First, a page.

Sample lesson 1 – The most striking graph I ever saw

Annual World Population since 10 thousand BCE for Our World in Data

Powerful enough in its own right, but even more so in the context of the previous lecture by the late Prof. Albert Bartlett.

The true implications of terms like ‘overshoot’ and ‘unsustainable’ become apparent when we consider the possibility of this graph peaking and, potentially, going vertical in the other direction.

And if we hold that in mind while looking to the graph for the scale of epochal mortality events like The Black Death and the World Wars… Well, it makes my blood run cold.  The term ‘putting things into perspective’ even itself seems inadequate.

In that context, the dominant narrative (from the likes of those UN demographers mentioned at the top) that ‘collapse is not an option’ becomes entirely understandable — as do perhaps even the accusations that sometimes ensue towards those highlighting the technological trap we have walked into.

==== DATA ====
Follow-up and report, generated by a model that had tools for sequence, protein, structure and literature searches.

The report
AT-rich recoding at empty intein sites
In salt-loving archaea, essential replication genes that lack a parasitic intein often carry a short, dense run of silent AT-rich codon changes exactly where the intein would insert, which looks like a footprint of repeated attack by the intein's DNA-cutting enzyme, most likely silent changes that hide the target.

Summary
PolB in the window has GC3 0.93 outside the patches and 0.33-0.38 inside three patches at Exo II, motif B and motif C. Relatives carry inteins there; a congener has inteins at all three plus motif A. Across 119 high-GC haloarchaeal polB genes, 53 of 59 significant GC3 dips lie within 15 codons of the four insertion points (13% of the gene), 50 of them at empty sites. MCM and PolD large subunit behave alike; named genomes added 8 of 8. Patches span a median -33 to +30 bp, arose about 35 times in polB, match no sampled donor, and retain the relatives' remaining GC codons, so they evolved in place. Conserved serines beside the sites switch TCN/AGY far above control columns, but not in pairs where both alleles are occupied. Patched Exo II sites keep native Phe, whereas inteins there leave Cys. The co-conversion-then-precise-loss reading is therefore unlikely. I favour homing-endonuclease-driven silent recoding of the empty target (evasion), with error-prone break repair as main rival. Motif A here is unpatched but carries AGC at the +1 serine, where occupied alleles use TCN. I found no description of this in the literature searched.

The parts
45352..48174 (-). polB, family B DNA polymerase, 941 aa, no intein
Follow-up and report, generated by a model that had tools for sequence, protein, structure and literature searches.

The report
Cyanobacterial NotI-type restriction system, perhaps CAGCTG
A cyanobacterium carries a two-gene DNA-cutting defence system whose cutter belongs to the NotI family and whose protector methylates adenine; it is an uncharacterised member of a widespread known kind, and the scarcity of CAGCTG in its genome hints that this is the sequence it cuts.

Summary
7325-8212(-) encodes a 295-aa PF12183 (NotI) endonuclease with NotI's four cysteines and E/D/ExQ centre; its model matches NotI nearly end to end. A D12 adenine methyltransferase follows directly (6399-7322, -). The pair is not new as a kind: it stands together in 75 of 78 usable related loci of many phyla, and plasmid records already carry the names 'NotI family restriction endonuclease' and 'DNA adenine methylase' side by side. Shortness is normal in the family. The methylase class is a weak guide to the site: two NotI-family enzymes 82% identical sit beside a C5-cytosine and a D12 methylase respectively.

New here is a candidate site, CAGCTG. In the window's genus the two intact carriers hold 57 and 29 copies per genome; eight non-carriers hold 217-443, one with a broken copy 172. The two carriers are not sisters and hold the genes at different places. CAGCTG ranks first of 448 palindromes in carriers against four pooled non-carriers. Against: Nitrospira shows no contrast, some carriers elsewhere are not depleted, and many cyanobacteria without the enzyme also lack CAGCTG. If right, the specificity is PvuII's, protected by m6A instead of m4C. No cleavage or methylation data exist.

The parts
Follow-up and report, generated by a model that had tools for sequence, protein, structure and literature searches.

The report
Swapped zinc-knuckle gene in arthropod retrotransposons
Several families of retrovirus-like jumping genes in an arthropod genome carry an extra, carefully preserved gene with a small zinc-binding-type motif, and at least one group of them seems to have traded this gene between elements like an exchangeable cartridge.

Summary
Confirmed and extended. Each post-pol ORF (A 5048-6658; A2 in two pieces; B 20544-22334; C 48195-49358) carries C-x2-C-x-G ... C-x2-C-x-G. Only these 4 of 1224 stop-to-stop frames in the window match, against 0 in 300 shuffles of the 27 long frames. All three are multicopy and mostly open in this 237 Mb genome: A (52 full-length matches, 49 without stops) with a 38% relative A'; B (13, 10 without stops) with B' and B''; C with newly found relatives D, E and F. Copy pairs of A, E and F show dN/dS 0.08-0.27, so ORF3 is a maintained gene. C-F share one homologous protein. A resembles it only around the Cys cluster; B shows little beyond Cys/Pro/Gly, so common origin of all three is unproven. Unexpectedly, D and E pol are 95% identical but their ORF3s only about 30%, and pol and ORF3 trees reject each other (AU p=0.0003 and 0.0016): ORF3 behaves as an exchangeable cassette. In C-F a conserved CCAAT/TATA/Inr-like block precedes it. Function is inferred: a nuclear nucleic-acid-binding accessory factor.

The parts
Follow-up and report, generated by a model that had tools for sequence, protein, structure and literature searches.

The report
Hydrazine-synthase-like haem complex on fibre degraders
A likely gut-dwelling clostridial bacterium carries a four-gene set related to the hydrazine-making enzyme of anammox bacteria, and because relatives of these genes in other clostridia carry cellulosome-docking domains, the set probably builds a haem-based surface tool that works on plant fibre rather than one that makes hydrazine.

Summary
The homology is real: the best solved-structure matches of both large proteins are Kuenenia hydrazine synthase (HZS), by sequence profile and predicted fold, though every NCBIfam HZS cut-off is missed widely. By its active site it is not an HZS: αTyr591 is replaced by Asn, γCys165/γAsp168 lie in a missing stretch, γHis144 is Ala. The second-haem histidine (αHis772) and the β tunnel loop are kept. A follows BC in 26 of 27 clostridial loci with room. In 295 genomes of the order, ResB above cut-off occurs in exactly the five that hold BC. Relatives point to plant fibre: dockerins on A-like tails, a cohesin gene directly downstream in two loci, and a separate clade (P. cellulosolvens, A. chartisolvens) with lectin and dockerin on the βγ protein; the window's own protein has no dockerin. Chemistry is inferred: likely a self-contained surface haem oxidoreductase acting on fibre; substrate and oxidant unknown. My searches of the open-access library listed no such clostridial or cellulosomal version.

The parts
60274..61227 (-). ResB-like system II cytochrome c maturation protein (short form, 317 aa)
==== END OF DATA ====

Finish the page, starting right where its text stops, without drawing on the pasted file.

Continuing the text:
‘Option’ or not though, it looks a very real possibility, not least since scientists find that — within a single modern human lifetime of today — we are heading for a climate far outside the experience of Homo sapiens, with all that that implies for a complicated, globalised system.

Take a breath — we’re here together to figure out how we respond to these realities.

Oh, and needless to say, by “world population” the graph means world human population (here’s a 6 minute visualisation of humanity’s spread throughout history)

The overall trend for other species is quite the opposite, and far from unrelated.  The future is already here, it’s just unevenly distributed.